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In a book I came upon this dialogue:

“Fired his ass the next day,” he said.

“No shit?”

“Hand to God,” Villanueva said.

What does "hand to God" here means, please? Where does it come from?

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    It refers to raising your hand when you swear an oath to tell the truth. – deadrat Jan 4 '16 at 19:13
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It means, "I swear to God." People use it to convince others they're telling the truth or when they say something that they expect the other will not instantly believe, possibly because it's outlandish. Very often, when people use this expression to encourage someone to believe what they're saying, they'll emphasize it with a simultaneous passing gesture in which they put their right hand over their heart and raise their left into the air by their head with the palm facing forward, like one might raise their left hand when being sworn in as a witness to court.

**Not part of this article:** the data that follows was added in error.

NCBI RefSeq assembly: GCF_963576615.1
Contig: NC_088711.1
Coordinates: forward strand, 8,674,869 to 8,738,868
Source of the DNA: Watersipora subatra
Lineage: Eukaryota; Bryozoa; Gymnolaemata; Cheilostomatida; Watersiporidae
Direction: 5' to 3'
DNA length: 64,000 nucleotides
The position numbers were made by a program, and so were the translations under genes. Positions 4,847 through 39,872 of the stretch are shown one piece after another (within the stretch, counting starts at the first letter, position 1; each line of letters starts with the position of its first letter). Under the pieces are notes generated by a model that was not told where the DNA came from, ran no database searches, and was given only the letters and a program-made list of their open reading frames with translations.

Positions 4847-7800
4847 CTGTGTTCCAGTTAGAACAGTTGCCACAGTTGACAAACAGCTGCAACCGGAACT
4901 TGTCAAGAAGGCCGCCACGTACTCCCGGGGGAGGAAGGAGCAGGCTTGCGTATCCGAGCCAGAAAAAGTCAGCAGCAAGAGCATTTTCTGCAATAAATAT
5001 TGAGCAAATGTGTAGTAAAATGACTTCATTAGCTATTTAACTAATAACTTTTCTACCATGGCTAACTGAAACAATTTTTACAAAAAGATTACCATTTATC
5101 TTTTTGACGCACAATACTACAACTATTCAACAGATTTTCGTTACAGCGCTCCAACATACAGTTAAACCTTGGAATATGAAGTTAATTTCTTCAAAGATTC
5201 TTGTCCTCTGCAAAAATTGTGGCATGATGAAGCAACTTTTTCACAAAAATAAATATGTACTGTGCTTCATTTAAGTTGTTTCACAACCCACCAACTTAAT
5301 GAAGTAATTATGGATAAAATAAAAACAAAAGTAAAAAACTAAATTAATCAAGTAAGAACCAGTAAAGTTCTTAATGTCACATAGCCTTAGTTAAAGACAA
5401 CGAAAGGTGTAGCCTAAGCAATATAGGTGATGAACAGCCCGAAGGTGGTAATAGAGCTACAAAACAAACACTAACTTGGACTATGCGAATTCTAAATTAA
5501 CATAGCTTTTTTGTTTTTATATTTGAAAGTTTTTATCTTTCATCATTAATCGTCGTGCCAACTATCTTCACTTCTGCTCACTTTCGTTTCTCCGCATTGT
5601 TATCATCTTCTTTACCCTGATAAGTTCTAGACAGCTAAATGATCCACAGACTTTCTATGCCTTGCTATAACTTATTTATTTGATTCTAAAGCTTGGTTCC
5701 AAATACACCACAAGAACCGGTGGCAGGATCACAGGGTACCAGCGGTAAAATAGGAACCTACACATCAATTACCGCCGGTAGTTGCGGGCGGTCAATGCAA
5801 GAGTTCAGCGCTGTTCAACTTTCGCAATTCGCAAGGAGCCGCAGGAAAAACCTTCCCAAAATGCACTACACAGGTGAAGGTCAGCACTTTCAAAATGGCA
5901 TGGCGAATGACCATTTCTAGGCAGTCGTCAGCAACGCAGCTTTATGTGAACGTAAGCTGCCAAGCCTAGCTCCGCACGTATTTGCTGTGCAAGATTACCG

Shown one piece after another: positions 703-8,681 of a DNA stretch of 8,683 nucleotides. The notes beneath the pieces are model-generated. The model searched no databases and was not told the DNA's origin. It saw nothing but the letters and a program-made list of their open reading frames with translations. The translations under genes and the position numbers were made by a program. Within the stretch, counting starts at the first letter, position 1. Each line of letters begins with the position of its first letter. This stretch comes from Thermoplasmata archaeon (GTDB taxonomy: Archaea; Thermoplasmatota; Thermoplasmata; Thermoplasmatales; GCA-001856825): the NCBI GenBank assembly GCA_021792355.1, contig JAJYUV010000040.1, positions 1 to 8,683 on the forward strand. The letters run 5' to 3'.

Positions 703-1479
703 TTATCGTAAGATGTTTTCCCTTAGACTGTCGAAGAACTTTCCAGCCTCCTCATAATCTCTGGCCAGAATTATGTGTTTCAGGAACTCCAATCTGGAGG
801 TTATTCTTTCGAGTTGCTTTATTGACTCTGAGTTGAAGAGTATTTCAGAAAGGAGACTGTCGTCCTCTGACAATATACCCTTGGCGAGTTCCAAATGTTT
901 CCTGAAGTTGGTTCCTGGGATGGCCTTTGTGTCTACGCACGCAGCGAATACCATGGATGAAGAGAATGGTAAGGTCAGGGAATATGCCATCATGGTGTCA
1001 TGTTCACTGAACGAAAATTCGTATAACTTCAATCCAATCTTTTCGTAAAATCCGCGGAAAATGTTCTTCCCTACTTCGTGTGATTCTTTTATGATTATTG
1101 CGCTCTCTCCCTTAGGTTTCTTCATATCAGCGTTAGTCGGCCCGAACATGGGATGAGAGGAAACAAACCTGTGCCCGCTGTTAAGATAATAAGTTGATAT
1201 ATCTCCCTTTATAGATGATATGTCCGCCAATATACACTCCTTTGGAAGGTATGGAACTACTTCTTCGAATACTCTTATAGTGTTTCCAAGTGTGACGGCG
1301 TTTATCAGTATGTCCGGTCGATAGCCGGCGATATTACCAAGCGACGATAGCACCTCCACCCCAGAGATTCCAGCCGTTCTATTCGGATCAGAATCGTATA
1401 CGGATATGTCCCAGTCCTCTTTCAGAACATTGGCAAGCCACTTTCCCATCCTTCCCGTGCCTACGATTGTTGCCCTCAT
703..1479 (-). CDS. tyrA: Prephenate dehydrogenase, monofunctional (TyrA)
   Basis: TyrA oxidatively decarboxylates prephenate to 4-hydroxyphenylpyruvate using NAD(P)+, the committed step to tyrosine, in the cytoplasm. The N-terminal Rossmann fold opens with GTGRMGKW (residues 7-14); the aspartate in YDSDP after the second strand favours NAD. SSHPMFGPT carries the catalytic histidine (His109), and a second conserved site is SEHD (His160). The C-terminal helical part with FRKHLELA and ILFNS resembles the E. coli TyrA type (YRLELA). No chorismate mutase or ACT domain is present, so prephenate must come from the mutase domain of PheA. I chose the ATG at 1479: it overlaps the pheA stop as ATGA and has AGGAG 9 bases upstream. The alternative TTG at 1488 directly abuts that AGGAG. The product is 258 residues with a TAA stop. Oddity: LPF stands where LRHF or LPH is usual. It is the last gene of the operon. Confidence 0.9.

As far as etymology of the expression goes, it isn't clear. What is clear is that it derives from the act of swearing to God, but why it has become more common to say, "Hand to God," instead of saying, "Swear to God," is a bit of a mystery. In the 80's, it was "Swear to God," so the shift has happened over the last few decades. I looked for quotes in possible literary works, but found none that predated the advent of the phrase. Where it appears in artistic works, such as the Broadway play Hand to God and the Arrested Development episode "Hand to God," its usage is clearly derivative of popular expression, not the author.

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